I’m one lucky book nerd. I get to read quite a few books to review for PopHorror. I have discovered many new authors this way, which is fantastic. When Our Lady of the Inferno’s Preston Fassel (read my interview with him here) asked me if I’d like to read Headcheese by Jess Hagemann, I was already fascinated by that title alone. He described the book as, “It’s a [Mark Z. Danielewski’s] House of Leaves–style epistolary novel about a disparate group of people who form a religious cult around self-amputation.”
Confession time… I have never read House of Leaves nor an epistolary novel. However, this furthered my interest in this new book, and I never hesitated before agreeing to read it. How was this book? Read on to find out what I thought as a newbie to this style of writing.
The day that Lorrie “accidentally” cuts off her little toe, she discovers what it’s like to be able-bodied and not want that body part.
After Bartholomew loses his left arm to a Sunni sniper, he’s inspired to start a new kind of church?one where both amputation and sex are types of performance art.
Trice, a prosthetics engineer, receives the assignment of a lifetime when he’s asked to rebuild his son’s crippled frame.
Haunted by the memory of his dead wife, George must take the ultimate measure to excise her ghost. For good.
From sexual fetish to the clinical diagnosis of Body Integrity Identity Disorder, Headcheese makes the first cut, peeling back the epidermis to peer inside the minds and hearts of 26 people navigating the topography of flesh.
This book is a disturbing look at a mental illness BIID, which stands for Body Integrity Identity Disorder.
According to National Center for Biotechnology Information:
It is a rare, infrequently studied and highly secretive condition in which there is a mismatch between the mental body image and the physical body. Subjects suffering from BIID have an intense desire to amputate a major limb or severe the spinal cord in order to become paralyzed.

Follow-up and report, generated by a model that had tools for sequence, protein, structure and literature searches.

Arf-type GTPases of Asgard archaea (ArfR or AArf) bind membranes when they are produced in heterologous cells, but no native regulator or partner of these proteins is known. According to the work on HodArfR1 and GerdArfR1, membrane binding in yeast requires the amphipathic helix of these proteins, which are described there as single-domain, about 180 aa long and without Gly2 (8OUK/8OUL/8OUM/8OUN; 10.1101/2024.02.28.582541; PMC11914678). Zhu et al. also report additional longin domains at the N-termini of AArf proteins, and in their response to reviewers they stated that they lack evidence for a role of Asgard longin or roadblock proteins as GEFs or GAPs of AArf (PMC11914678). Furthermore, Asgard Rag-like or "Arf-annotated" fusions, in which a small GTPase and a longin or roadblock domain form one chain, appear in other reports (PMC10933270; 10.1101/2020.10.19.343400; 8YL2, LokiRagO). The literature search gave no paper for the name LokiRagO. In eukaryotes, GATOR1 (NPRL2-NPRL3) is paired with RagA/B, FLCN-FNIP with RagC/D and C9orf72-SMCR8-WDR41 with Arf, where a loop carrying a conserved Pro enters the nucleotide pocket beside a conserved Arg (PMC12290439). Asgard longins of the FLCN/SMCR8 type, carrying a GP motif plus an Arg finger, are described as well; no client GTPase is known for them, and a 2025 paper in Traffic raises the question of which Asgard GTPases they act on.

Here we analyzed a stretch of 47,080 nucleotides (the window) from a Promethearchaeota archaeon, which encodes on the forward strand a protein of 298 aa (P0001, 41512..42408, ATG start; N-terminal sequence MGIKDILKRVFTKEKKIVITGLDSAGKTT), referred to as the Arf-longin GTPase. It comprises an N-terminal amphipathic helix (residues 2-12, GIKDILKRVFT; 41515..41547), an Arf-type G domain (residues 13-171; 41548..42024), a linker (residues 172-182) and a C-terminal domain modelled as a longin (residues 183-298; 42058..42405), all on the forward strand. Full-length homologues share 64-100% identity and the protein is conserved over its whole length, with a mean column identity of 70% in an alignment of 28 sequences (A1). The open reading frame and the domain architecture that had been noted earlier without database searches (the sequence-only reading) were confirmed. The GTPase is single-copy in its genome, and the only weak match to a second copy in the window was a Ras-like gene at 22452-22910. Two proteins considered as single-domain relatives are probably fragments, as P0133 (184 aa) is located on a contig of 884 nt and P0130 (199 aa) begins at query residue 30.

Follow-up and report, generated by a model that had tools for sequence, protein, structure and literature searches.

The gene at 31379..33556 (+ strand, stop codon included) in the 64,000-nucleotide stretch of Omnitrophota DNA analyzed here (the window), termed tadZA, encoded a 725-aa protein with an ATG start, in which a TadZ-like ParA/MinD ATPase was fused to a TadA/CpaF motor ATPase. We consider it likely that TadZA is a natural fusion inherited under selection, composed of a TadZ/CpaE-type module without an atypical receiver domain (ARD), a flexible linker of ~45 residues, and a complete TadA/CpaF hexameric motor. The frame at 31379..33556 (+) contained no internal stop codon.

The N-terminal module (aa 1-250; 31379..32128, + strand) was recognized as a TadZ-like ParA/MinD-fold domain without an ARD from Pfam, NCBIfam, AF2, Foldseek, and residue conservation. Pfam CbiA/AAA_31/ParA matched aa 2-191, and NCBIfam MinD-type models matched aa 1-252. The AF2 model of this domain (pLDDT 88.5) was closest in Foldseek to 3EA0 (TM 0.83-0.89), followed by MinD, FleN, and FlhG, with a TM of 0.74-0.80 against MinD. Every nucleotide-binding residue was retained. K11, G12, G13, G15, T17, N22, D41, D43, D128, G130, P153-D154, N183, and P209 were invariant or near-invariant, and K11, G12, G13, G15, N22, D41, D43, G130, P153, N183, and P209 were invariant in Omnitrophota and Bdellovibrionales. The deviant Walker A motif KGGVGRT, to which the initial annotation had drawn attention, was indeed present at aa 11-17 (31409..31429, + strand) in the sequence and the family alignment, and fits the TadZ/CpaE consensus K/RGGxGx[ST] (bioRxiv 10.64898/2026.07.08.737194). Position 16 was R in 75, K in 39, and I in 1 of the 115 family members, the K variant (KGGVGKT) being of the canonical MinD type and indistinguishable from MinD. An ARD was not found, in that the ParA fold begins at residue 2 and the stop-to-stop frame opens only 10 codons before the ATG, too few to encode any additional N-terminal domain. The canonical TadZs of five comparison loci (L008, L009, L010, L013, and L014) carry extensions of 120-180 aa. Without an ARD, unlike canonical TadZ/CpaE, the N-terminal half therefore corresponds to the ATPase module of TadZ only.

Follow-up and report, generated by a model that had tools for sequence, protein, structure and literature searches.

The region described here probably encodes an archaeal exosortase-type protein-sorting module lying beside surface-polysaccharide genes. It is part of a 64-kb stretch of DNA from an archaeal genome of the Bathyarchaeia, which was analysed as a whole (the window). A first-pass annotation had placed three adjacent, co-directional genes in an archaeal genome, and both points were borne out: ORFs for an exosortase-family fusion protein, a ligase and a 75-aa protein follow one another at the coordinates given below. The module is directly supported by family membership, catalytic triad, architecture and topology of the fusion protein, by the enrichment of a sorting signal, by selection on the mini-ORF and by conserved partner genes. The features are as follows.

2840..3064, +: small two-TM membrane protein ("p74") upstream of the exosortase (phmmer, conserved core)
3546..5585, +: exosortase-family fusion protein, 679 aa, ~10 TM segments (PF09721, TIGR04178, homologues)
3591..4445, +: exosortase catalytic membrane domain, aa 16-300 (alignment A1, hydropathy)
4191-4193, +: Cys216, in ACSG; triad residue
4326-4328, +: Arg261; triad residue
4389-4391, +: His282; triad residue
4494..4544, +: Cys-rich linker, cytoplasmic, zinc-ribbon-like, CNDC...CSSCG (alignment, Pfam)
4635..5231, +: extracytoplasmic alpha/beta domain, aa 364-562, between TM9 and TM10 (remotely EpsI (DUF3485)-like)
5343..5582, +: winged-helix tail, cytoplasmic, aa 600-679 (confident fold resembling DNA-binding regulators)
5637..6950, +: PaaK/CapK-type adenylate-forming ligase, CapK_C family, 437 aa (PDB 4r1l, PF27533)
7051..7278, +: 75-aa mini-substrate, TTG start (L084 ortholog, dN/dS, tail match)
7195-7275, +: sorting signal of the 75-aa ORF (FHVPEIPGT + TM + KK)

Headcheese gives us a terrifying look at this disorder. Prior to reading this book, I had no idea that this condition existed. Jess Hagemann presents this topic as an episodic documentary style film within a book as she explores the stories of the characters who suffer from this disorder. At times, you forget that this is a work of fiction. The characters are dynamic, and even though the subject matter is disturbing, you can’t help but want to read more.
There are plenty of cringeworthy scenes in this book. Jess Hagemann has a no-holds-barred description of the amputations, and there is plenty of blood. While this is a work of fiction, I believe the most alarming thing is that this could be happening in the real world at this very moment. Jess Hagemann has an ability to create some of the most petrifying scenes I’ve ever read. She also constructs scenes that help you understand why these people feel the way they do about their bodies. You grasp their suffering and empathise with their need to do this, even though the whole idea seems so off the wall. Why would anyone want to mutilate themselves? It’s then that you realize that so many of us don’t fit in to what is “normal” in society. Perhaps this is a way, an extreme way, that people try to fit in… or force themselves out even further. They feel incomplete as whole human beings, and only through self-destruction do they begin to feel whole.
The cast of this book is extensive, but the story mainly follows Lorrie, Bartholomew (Captain Hook), Trice and George. The author weaves the story together and these characters end up connecting throughout the telling. Each of the characters have BIID, but all have different reasons for their disorder. Bartholomew is a rather chilling character. He wants to help people find themselves by gifting them an amputation. As deranged as this is, you can see why he does it. You can’t help but empathize with Lorrie, George and Trice.
The epistolary style makes Headcheese a quick read. There are illustrations from Chris Panatier throughout, artwork that is grotesquely stunning and adds to the overall experience.
Headcheese is totally worth the read. This is my first book of this style and subject matter, and it really made me think. I actually ended up reading a lot of it for a second time before this review due to many contemplative moments. Jess Hagemann has a gift to tell a story in a meaningful and creative way. She can also write horrifying scenes like nobody’s business. The book is an experience… and that is why my review is spoiler-free. You need to read this one and experience it all for yourself. Be sure to pick it up available now on Amazon. I am looking forward to more from Jess Hagemann! Stay tuned to PopHorror for our upcoming interview with the author Jess Hagemann!